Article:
George MacDonald

(10 December 1824 – 18 September 1905 / Huntly, Aberdeenshire, Scotland)

This World - Poem by George MacDonald

Thy world is made to fit thine own,
A nursery for thy children small,
The playground-footstool of thy throne,
Thy solemn school-room, Father of all!
When day is done, in twilight's gloom,
We pass into thy presence-room.

Because from selfishness and wrath,
Our cold and hot extremes of ill,
We grope and stagger on the path-
Thou tell'st us from thy holy hill,
With icy storms and sunshine rude,
That we are all unripe in good.

Because of snaky things that creep
Through our soul's sea, dim-undulant,
Thou fill'st the mystery of thy deep
With faces heartless, grim, and gaunt;
That we may know how ugly seem
The things our spirit-oceans teem.

Because of half-way things that hold
Good names, and have a poisonous breath-
Prudence that is but trust in gold,
And faith that is but fear of death-
Amongst thy flowers, the lovely brood,
Thou sendest some that are not good.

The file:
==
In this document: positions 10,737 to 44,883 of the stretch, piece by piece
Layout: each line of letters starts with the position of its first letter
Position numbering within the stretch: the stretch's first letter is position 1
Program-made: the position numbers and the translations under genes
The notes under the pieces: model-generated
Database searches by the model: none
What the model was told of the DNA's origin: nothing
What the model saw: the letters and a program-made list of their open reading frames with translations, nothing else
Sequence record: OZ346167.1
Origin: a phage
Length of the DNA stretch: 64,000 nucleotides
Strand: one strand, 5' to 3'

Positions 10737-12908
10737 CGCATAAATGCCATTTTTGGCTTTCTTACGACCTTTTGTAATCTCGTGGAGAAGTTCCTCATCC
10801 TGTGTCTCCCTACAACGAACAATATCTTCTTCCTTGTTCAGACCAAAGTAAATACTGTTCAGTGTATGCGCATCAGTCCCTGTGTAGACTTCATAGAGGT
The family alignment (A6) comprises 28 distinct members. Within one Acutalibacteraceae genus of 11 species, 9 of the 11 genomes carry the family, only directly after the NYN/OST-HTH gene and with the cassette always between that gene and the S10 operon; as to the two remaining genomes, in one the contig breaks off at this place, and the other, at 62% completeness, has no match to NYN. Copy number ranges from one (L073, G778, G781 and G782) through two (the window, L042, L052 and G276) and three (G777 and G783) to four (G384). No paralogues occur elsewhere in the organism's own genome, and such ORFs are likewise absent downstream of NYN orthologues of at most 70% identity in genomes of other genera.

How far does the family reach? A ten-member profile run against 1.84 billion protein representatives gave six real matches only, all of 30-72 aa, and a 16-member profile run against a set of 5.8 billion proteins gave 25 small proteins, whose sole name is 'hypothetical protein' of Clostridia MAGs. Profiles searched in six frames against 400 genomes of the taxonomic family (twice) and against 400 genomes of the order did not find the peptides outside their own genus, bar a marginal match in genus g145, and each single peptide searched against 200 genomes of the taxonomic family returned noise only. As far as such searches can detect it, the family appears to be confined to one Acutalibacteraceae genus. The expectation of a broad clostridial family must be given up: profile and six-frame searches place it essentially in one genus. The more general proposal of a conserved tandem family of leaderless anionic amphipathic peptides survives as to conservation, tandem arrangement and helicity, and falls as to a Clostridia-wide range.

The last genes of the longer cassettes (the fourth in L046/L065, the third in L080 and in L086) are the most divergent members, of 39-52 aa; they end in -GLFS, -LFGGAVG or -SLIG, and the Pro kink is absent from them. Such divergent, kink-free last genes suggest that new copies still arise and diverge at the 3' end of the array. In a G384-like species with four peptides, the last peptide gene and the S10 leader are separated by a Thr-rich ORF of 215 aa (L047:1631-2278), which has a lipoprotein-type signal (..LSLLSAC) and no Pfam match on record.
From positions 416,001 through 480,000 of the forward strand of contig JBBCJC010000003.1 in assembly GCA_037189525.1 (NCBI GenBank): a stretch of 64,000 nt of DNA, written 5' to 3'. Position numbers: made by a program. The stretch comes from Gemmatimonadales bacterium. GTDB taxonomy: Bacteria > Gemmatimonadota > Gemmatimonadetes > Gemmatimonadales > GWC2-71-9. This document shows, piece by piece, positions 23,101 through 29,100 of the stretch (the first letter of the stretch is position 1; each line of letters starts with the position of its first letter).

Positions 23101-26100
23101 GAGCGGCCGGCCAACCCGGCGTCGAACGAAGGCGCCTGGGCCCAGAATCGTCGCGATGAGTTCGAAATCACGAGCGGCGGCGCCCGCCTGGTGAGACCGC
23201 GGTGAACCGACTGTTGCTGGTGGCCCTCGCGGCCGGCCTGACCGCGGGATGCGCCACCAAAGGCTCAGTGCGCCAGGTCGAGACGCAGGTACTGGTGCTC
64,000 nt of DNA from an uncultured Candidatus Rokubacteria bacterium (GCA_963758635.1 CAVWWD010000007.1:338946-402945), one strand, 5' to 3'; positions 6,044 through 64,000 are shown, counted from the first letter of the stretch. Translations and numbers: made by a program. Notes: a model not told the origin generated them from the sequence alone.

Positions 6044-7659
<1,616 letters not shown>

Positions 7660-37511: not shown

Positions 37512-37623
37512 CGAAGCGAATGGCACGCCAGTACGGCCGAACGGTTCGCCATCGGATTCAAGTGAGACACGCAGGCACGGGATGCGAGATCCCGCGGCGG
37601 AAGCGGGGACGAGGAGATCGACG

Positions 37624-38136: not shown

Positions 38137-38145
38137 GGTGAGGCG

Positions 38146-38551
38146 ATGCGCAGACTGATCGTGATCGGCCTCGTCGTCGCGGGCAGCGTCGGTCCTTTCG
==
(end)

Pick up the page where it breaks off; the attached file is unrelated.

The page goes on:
Thou stay'st thy hand from finishing things
To make thy child love the complete;
Full many a flower comes up thy springs
Unshamed in imperfection sweet;
That through good all, and good in part,
Thy work be perfect in the heart.

Because, in careless confidence,
So oft we leave the narrow way,
Its borders thorny hedges fence,
Beyond them marshy deeps affray;
But farther on, the heavenly road
Lies through the gardens of our God.

Because thy sheep so often will
Forsake the meadow cool and damp
To climb the stony, grassless hill,
Or wallow in the slimy swamp,
Thy sicknesses, where'er they roam,
Go after them to bring them home.

One day, all fear, all ugliness,
All pain, all discord, dumb or loud,
All selfishness, and all distress,
Will melt like low-spread morning cloud,
And heart and brain be free from thrall,
Because thou, God, art all in all!


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Poem Submitted: Friday, April 9, 2010



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